Shipping is a tough and notoriously capital-intensive market. Retrofitting environmentally friendly solutions may not be the first priority when you’re either struggling to stay afloat or edge ahead of the competition in a cut-throat market. At the same time, newbuilding yards generally won’t fit the best environmental solution for a vessel unless the customer presses them – they’ll fit the one that delivers the greatest margin. And who can blame them?
So, the industry requires clear, strategic and impactful assistance to meet its lofty goals. It needs governments and regulators to step in and deliver the policy and instruments that will facilitate the green shift now…because this is a matter that will not wait.
What those measures should be are open to debate. Taxes on vessels with poor environmental performance would encourage the uptake of better solutions, while the income from those taxes could be used to support the development and installation of new technology. Stricter regulations would require compliance, but perhaps the financial burden could be shifted to government – in the same way as they are providing aid right now – with green grants, or access to funding that is reliant on meeting stringent environmental criteria.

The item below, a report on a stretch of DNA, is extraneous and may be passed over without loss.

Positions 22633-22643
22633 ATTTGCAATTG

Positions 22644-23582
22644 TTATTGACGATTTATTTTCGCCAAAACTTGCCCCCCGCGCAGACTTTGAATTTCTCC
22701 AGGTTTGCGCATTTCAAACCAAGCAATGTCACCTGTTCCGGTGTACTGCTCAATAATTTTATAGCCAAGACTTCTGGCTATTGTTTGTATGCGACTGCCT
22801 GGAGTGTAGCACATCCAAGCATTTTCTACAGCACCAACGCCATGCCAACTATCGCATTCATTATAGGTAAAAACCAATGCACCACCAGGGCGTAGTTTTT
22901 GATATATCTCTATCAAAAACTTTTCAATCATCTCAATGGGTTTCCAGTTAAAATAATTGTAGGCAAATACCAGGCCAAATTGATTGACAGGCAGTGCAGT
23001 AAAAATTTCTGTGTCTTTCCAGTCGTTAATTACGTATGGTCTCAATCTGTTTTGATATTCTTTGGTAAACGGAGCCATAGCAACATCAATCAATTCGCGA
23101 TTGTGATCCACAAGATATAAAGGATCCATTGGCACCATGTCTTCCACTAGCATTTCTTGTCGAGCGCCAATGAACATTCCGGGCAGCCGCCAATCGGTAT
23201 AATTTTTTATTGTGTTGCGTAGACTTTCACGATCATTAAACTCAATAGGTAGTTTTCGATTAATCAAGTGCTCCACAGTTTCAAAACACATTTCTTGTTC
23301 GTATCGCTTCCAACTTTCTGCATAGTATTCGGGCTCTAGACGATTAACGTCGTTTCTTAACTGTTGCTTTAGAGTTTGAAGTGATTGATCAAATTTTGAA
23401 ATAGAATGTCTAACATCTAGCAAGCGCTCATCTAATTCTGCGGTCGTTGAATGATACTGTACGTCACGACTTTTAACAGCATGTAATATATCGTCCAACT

Research into green synthetic fuels – a vaccine against pollution – could be fast-tracked and centrally supported, while technology that is already available and proven today, such as batteries and hybrid systems, could be encouraged for immediate efficiency and emissions gains on today’s world fleet.
Newbuilds with future-proof technology, capable of utilizing any fuel source, such as The Switch DC-Hub, could be incentivized for owners, ensuring that they have the capability to meet all future regulations and fuel mixes, for long-term compliance and efficient sailing.
These are relatively modest measures that could translate into huge environmental benefits – for our industry, society and the planet. We just need to get started.
Call to action
The environmental crisis is more abstract than its corona sibling, so it’s harder to imagine the direct individual consequences for each and every one of us. Unfortunately, we may not be able to do that until it’s too late – until we’ve passed the point where our actions can achieve meaningful change.
Despite this short-term crisis, we have to try to not lose sight of our long-term future. And to even have one, we need action from our industry, with the strong support of governments and regulators across the world. That will be the deal breaker.
We can do this if we work together. And, if the corona pandemic has proven anything, it’s shown we are certainly capable of doing that, achieving extraordinary things in remarkably tight timescales.
The biggest challenges require the greatest responses, and there is no bigger threat than climate change. It’s time for those in power to respond. The world demands it. Source: Yaskawa